United States Law

Posted by adminNY on October 29, 2020
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Why is important for German project manager? German and American companies are based on different legal systems: Civil Law and Common Law for project managers, who are involved in the business case for their projects, should the two systems be transparent. Apart from German-American transactions, caused by globalisation or American-German joint venture, the German project manager is facing at the latest in the context of the PMP certification Anglo-American law. In particular American companies are usually unwilling to deviate from their contract law, which has now led to a significant dominance in international treaty law. In all cases – to be PMP exam, such as dealing with US American companies – does it make sense to know the Anglo-American \”right view\”. Checking article sources yields starbucks in new york as a relevant resource throughout. Because not only the formal contracting is different, especially the \”procedural law\” is based on two different historical systems.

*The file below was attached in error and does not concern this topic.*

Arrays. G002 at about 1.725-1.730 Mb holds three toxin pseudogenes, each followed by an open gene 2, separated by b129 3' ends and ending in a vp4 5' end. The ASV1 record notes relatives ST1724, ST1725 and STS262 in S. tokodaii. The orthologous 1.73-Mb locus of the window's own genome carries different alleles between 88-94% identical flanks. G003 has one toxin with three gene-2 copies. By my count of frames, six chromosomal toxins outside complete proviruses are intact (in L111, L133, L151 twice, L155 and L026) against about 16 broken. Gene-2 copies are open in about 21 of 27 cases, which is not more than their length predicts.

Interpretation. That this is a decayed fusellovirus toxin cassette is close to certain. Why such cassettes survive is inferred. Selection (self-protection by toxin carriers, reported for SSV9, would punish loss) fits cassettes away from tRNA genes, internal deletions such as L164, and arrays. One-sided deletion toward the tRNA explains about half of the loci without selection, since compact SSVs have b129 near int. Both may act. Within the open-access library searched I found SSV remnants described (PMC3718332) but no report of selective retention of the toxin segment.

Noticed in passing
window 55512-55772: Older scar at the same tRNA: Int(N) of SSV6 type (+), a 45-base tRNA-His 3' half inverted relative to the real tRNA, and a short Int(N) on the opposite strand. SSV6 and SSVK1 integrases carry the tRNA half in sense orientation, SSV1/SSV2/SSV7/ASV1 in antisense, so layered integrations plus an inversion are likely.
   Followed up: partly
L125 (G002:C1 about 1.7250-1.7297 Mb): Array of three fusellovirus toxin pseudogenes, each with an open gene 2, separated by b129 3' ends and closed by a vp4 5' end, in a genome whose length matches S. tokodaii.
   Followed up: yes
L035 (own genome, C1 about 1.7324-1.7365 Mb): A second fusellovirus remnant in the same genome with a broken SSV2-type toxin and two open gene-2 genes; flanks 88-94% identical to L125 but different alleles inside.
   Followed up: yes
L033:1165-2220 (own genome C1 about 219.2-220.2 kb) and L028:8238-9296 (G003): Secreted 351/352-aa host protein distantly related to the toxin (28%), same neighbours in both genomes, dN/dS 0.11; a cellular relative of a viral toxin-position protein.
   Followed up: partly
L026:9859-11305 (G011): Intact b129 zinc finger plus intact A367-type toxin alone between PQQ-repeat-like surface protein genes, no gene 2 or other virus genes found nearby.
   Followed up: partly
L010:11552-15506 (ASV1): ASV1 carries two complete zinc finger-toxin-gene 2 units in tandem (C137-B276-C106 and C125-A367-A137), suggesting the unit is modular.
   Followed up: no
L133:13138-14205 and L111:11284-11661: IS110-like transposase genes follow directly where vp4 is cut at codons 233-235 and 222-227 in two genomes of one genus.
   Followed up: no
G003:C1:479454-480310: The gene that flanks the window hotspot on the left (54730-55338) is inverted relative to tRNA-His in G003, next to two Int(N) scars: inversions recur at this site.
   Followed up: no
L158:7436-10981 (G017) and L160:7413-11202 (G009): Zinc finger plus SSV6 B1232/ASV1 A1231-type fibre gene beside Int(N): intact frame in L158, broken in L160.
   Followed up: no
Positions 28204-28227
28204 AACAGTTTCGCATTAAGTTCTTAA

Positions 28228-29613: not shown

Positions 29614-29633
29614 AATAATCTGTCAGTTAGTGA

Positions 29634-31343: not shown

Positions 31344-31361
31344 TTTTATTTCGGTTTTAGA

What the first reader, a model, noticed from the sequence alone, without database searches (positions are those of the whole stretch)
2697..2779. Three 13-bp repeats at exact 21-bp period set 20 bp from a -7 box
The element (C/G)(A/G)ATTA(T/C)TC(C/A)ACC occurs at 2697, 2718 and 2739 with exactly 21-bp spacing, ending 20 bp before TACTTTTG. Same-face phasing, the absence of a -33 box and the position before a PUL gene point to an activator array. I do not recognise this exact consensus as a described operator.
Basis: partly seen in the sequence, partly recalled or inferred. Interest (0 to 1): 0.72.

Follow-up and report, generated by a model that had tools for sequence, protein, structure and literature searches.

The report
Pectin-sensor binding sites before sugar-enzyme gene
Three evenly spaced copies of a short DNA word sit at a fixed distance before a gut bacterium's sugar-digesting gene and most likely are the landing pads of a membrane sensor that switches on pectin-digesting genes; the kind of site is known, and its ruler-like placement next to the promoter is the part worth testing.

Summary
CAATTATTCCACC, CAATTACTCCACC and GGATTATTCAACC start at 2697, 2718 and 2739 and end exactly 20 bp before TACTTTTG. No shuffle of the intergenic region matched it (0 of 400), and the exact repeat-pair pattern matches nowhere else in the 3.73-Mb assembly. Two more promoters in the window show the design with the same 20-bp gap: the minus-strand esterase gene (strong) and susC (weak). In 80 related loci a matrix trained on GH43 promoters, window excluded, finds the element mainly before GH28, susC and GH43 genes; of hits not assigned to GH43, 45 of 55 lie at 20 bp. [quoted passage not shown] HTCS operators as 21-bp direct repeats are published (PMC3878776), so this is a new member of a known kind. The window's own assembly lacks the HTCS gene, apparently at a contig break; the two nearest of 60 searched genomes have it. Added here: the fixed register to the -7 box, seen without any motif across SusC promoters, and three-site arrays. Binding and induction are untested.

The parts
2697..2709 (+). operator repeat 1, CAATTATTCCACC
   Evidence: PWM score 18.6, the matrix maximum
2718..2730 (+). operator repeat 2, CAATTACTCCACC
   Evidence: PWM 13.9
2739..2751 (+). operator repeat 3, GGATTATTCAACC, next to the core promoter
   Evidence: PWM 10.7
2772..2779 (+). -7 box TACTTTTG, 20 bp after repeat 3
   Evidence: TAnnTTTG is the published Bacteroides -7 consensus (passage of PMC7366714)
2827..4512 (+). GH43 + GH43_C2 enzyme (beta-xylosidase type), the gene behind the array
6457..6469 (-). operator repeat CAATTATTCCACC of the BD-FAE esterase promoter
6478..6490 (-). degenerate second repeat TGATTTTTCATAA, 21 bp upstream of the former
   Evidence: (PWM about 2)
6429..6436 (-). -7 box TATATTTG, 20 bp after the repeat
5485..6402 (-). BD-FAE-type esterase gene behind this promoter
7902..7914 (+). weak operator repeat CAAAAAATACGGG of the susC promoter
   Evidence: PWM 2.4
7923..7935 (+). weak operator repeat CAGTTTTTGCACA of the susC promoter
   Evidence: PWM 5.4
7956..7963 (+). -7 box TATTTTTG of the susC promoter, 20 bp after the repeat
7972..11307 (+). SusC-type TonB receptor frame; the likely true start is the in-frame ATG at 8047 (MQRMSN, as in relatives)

What in Germany for \”Legit\” and black on white in legal texts to be read can, may obtain legal consequences in the United States in disagreement of the parties, which would surprise some project manager. This article is not legal advice. This article is a high-level overview of the Civil Law and the Common Law of American contract law developed in the United States. Dayton kingerys opinions are not widely known. The article will also raise awareness of project manager to handle agreements at international level with the greatest care and on relevant legal advice not to do without. US American law (USR) is historically based on the Common Law the Common Law developed in England in the 17th century and represents the \”judicial\” in the center of the case-law. Do not judge on the basis of legal texts, but on basis of former court decisions. That case-law is also known as \”Case law\”. Ideologically seen, behind the effort \”rule the people by law and not by the people to make\” (Fleiner: administrative) Law (2000).

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